My various Oxford dictionaries define bizarre as eccentric, whimsical, odd, grotesque, fantastic, mixed in style and half-barbaric. By so many tokens, and with the casuistry of both Calvinist and Jesuit, it has been possible for the author of this pretty little Christmas-stocking book to include as bizarre any vehicle he chooses, including motorcycles and the micro-cars that made motoring possible after the defeat of Germany in 1945.
Without these categories, a bus-cum-truck-cum-tractor,variations on the Hummer and the stretched limousine, and too many excursions into the bizarrerie of car names that in other languages have meanings genital and scatalogical, this book would be very thin. Yet even the vehicles that are indisputably cars are padded with examples that hardly count as odd, let alone half-barbaric.The Morris Marina and Austin Allegro were bad and boring rather than bizarre, the Talbot Tagor was too unremarkable to usurp the equivalent Peugeot (the beautifully bizarre Peugeot 601 of 1935 is nowhere mentioned), and the 3-litre version of Austin’s land-crab 1800 was a surprisingly serene, quiet and comfortable competitor for the early Ford Granada and Mrs Thatcher’s favoured Rover.
Jeremy Clarkson and his mates could have cobbled this book together while crashing caravans on Top Gear. It has their wretched command of syntax, their puerile humour and their imagery: to drive a Toyota Crown is as exciting as Christmas spent in a public lavatory in Hartlepool, the Polish Pobeda was as up-to-date as the Dead Sea Scrolls, the Russian ZIS sports two-seater did about 100 yards to the gallon and had damp digestive biscuits for brakes, and the ZIL limousine had enough torque to move the Urals.
Keith Ray’s immediate concentration on these ‘Bizarski’ cars suggests that his text may be ordered by nationality, but it is not; nor is it by chronology or alphabet; nor by such automotive obsessions as aerodynamics, front-wheel drive and rear-mounted engines; it has neither an index nor a contents page. It is an entirely random gossip and picture book in which the reader is directly addressed by a man who cannot distinguish Ford’s Capri from its Cortina, who appears to be ignorant of the history of the car and is only interested in its freaks and aberrations. But even on these he is unable to be serious. Edmund Rumpler’s Tropfenwagen of the early 1920s carried eight passengers, was an early exercise in streamlining, had an engine that in its basic layout anticipated the Bentley engine of today, and earned its keep as the Berlin taxi: it deserves better than Ray’s mockery.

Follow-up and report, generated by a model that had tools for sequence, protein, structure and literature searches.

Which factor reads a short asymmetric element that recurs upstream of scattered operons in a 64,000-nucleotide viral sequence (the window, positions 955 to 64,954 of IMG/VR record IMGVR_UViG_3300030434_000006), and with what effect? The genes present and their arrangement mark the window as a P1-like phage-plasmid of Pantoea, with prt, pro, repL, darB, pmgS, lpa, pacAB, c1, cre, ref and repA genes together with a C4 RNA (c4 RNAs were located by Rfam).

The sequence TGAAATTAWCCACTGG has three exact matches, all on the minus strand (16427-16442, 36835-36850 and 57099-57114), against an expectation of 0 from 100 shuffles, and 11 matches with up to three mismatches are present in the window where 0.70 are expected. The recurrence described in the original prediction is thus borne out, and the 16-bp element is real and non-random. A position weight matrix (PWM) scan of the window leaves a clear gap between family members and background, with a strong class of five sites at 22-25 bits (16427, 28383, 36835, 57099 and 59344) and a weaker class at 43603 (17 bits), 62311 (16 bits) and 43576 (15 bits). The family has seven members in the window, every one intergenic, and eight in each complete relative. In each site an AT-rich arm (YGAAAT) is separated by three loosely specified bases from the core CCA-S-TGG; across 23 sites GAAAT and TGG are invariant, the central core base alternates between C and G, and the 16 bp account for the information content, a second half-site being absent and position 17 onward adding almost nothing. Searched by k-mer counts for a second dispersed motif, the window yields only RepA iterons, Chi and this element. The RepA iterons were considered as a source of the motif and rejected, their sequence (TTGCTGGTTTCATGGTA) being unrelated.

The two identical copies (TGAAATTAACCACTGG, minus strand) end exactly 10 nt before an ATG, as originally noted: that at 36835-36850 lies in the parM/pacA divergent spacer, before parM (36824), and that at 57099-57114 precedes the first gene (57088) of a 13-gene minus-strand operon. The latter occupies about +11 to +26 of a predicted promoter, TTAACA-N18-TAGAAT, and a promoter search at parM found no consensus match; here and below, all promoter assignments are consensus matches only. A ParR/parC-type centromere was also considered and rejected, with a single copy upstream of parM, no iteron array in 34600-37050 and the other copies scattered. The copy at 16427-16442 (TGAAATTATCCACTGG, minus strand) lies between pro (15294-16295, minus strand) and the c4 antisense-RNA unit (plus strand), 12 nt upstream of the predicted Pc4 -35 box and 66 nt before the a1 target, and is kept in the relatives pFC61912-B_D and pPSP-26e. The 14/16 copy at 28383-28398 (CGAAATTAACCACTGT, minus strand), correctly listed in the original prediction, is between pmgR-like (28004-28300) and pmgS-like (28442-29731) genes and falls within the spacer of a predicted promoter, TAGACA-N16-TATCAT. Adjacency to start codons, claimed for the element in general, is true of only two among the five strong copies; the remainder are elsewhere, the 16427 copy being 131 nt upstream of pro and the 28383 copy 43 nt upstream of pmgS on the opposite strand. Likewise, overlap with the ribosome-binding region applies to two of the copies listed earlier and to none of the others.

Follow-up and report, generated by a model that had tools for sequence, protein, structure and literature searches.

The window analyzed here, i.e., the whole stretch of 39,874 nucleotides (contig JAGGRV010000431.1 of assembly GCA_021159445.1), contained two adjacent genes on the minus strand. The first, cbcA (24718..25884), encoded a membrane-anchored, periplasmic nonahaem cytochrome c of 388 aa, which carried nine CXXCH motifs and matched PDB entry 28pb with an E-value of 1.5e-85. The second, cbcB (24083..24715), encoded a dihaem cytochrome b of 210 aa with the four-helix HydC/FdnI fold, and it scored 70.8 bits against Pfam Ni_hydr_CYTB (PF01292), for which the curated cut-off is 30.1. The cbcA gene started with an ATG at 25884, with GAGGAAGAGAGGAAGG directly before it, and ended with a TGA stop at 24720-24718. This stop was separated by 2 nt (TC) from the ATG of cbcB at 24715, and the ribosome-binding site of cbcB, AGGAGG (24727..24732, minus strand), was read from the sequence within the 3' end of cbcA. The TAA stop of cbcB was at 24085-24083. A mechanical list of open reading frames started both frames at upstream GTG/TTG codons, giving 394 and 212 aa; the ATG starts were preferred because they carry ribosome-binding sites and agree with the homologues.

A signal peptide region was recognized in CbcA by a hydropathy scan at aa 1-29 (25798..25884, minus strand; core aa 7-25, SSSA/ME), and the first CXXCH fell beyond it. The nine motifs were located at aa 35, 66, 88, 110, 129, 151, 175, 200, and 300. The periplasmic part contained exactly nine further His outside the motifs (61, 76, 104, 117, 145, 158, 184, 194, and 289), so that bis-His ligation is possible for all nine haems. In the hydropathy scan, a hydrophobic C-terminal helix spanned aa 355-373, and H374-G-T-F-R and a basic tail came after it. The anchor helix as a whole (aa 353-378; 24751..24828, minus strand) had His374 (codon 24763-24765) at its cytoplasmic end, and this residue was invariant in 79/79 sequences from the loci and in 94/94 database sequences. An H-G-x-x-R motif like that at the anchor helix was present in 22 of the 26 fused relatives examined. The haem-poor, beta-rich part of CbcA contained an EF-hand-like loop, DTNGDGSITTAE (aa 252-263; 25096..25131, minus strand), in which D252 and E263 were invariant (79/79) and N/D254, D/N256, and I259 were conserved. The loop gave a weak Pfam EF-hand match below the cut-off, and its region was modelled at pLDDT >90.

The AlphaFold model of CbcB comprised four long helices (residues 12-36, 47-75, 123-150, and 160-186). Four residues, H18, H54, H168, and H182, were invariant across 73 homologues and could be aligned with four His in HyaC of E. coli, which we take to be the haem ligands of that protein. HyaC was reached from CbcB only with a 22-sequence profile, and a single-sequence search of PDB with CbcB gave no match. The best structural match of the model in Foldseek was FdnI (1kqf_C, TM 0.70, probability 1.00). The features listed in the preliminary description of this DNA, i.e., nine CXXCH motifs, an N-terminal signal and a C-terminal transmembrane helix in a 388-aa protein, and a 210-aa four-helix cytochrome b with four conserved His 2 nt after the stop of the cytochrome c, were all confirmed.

We are expected to guffaw at the Adler Diplomat, a modest but well-made car that could be converted to run on wood burnt in a boiler braced at the rear —a wartime measure matched in England by fabric gas tanks carried on the roof that looked ridiculous when deflated. Ray scoffs at the very last real Bugatti (bodied by Ghiain 1965, the chassis constructed in 1961 to a design originating in 1934) and at Gabriel Voisin’s straight 12-cylinder engine, so long that it projected into the cabin of the coupé in which it was installed — Voisin’s personal long-distance transport. Yet this was a serious experiment in reducing the nose-heaviness of cars withV-8 engines. These were not bizarreries, but the final throes of two great engineers crushed by their pre- and post-war circumstances.
If anything in this book is truly bizarre in the half-barbaric sense, it is not a single car but the author’s gratuitous jeering at his victims, his refusal to recognise that there might be merit, foresight, even genius in their madness.
With his off-hand dismissal of the Chrysler Airflow Saloon of 1934 (a commercial failure but a significant car in the aero-dynamics debate of the time), I despaired; the designer should, he suggests, naked but for a leopard-skin jock-strap, have jumped from the Empire State Building.
Serious readers may well wish this ill-mannered author to do so himself.
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